Social partners agree further increase in minimum wage
Negotiations among the social partners in Latvia have been ongoing since the beginning of 2008 regarding the next minimum wage increase. In June, the social partners agreed that after 1 January 2009 the minimum monthly wage will be increased to €256, and the minimum hourly rate will rise to €1.54. This increment represents another step in the Ministry of Welfare’s plan to gradually increase the minimum wage until it reaches 50% of the national average.
The minimum wage in Latvia is determined by the Republic of Latvia Cabinet of Ministers (Ministru kabinets) on the basis of a proposal by the Ministry of Welfare (Labklājības Ministrija, LM). Efforts by the trade unions have ensured that a minimum wage increase has become an issue of top priority of social dialogue in Latvia (LV0707029I, LV0702019I).
National minimum wage concept
In 2003, the social partners agreed on the minimum wage concept proposed by LM. It provides for a gradual increase in the minimum wage until 2010 when it should reach 50% of the planned average gross monthly salary of employees in the preceding year. The Latvian government is trying to ensure implementation of the concept, with slight digressions. Since 2006, the minimum wage has been increased every year on 1 January.
The minimum monthly wage for 2008 amounts to €227, while the minimum hourly rate is set at €1.37. At present, the minimum wage is 40% of the average gross pay level of employees and 33.5% of the average gross pay of public sector workers in 2007. In 2007, some 73,300 people earned the minimum wage, comprising 9.2% of total employees. Of this group, 64,700 people were working in the private sector and 8,600 were public sector workers.
Ministry of Welfare proposes rapid increase in minimum wage
Negotiations on the next minimum wage increase in 2009 had already started in the spring of 2008. At the March 2008 meeting of the National Tripartite Cooperation Council (Nacionālās trīspusējās sadarbības padome, NTSP), participants assessed the proposal by LM to increase the minimum wage by 37.5% as of 1 January 2009. This would mean increasing the minimum wage to €313 a month or 49% of the planned average monthly salary received by employees in 2008. LM repeatedly emphasised that by approximating the minimum wage to 50% of employees’ wages in the previous year, its amount will come close to the standard level set out in the European Social Charter. The charter stipulates that the minimum income level of employees should be 66% of the national income per head of population or 68% of the national average wage.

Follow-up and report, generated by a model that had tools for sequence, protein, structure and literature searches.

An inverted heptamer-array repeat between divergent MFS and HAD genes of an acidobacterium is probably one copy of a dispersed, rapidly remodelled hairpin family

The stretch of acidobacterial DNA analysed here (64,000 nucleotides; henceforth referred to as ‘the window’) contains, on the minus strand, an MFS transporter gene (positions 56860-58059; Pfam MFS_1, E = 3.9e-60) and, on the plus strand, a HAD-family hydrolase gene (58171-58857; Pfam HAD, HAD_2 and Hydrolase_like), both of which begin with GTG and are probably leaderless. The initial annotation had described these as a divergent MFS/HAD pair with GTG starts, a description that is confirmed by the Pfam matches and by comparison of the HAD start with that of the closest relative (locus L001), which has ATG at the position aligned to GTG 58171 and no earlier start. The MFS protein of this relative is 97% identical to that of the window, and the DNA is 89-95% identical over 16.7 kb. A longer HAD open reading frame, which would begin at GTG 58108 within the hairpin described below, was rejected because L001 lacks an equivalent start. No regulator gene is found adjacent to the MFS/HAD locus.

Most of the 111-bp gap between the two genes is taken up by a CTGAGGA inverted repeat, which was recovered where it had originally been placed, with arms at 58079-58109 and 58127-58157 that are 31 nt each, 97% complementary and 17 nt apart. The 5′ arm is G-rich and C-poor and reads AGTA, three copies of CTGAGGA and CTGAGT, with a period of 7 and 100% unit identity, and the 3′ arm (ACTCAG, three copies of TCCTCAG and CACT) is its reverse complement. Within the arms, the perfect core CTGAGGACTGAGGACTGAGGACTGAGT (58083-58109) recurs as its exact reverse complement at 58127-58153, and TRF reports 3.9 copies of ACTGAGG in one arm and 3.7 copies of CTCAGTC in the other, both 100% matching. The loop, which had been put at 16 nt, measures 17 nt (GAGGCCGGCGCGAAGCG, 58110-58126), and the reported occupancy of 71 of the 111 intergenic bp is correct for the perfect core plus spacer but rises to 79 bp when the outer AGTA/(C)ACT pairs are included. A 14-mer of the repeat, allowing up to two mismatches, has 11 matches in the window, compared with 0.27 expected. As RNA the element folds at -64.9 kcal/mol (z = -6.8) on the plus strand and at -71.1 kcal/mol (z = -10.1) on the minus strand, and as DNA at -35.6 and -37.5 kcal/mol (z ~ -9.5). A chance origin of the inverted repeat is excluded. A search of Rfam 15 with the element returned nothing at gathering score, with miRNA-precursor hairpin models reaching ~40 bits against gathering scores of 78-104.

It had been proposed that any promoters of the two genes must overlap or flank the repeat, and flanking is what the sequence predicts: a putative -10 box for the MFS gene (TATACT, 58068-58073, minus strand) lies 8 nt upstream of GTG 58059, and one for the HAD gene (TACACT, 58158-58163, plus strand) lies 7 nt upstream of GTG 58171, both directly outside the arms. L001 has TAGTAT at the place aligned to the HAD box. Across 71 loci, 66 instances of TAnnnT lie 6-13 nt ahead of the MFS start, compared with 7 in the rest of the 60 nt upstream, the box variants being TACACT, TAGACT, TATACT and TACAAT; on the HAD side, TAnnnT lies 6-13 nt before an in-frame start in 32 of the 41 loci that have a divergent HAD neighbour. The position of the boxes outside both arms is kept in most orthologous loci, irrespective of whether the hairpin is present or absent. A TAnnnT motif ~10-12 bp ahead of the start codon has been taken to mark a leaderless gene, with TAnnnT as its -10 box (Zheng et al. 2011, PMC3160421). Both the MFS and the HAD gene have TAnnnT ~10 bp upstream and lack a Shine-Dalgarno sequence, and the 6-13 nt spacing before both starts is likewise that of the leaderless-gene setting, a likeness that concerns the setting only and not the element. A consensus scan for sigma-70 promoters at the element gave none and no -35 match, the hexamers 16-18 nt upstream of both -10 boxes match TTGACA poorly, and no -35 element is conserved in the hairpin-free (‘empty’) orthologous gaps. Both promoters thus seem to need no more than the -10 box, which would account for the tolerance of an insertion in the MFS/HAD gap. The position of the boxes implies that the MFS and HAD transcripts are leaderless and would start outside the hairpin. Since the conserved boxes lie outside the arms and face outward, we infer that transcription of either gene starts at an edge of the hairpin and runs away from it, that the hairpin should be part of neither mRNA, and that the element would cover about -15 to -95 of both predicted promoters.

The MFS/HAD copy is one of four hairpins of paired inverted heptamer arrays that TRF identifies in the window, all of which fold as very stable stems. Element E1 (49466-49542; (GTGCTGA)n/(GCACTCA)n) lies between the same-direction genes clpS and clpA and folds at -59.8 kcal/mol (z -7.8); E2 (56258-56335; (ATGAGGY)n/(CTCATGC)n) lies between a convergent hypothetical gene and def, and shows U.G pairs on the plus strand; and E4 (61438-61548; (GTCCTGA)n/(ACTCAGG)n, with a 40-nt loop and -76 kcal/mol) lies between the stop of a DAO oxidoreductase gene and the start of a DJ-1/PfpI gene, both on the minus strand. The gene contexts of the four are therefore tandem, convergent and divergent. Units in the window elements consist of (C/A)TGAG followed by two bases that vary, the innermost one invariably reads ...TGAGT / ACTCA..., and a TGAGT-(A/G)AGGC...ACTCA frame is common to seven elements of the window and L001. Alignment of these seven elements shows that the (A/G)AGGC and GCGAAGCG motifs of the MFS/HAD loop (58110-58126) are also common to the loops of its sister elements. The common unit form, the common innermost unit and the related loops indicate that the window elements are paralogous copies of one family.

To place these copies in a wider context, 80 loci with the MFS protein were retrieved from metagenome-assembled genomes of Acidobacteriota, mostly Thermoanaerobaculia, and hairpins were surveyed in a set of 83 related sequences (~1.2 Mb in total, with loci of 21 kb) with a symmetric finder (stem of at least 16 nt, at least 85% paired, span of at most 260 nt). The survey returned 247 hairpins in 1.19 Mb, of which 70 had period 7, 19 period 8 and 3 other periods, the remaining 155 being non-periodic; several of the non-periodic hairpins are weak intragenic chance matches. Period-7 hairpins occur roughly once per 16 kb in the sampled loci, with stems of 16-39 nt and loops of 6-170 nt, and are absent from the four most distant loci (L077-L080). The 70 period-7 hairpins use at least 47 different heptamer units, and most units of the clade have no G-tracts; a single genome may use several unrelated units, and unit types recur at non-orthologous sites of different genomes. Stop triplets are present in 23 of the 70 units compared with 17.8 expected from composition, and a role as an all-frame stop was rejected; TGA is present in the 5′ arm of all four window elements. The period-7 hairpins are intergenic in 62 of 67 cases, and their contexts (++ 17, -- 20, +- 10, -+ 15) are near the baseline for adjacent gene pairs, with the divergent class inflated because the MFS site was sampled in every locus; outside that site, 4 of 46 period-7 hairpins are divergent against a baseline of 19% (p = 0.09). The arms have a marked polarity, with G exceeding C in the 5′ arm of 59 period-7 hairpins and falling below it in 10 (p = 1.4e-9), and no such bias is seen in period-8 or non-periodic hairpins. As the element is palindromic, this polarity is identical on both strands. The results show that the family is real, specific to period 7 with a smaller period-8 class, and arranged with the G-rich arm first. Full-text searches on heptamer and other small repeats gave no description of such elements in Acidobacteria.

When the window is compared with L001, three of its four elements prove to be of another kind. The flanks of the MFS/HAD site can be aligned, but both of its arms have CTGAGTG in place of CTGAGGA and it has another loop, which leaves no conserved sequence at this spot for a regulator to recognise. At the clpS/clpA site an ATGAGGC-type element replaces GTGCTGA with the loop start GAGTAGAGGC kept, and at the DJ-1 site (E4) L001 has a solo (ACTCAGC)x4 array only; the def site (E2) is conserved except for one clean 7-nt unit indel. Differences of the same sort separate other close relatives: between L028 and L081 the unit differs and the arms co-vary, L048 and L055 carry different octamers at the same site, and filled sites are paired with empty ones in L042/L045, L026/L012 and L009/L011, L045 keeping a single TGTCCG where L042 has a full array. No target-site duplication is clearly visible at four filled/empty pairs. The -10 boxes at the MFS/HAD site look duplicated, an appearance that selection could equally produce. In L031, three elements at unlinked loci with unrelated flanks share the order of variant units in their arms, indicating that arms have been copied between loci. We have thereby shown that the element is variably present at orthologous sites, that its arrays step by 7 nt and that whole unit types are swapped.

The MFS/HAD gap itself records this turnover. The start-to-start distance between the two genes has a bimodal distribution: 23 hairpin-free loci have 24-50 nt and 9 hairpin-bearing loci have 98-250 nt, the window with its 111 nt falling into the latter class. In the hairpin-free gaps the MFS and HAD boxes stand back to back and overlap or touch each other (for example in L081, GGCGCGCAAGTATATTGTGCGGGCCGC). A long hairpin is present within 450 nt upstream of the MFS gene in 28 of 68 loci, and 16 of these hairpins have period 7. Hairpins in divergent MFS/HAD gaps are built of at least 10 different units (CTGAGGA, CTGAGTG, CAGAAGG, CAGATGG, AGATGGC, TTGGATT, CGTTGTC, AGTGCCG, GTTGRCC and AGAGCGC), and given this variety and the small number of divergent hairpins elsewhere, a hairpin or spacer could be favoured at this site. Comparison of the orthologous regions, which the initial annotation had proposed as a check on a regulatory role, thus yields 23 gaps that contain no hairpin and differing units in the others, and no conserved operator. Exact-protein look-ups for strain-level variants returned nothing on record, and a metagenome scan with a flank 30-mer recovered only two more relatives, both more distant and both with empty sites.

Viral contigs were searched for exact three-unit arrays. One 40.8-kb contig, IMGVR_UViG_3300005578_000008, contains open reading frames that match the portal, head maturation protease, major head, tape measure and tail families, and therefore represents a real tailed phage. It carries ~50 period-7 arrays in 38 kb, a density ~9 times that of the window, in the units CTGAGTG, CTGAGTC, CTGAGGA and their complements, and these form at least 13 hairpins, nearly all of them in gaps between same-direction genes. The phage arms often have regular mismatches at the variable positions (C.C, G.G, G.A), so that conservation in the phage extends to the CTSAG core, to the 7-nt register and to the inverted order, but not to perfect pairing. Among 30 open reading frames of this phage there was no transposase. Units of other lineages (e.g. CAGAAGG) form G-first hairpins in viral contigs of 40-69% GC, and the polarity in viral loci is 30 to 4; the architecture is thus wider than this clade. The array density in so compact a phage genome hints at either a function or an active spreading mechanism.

Social partners agree to revised ministry proposal
However, a more modest proposal has been submitted to the government for examination on increasing the minimum monthly wage to €256 and the minimum hourly rate to €1.54 from 1 January 2009. The hourly rate for teenagers and employees subjected to increased risks at work – and therefore having shorter working hours – is to be set at €1.76. The decrease in the intended minimum wage rise is due to the lower pay forecast caused by the slowdown in economic development; therefore, the social partners did not object to it and reached an agreement on the matter at the beginning of June 2008.
The new minimum wage indicators have been submitted to the Cabinet of Ministers and will be adopted shortly before examination of the draft state budget for 2009.
The minimum wage in Latvia is determined once a year or even less frequently, while average pay levels have rapidly grown since 2004 – by 16.5%, 23% and 31.5% annually – as a result of the positive economic situation. Therefore, the government finds it increasingly difficult to ensure that the minimum wage corresponds to 50% of the average gross pay level of the preceding year. On the other hand, increasing the minimum wage works as an incentive for higher pay demands by other employees and urges the government and social partners to once again review the minimum wage level. This wage spiral reflects the process of pay arrangements and will continue until funding is found for increasing remuneration.
Raita Karnite, Institute of Economics, Latvian Academy of Sciences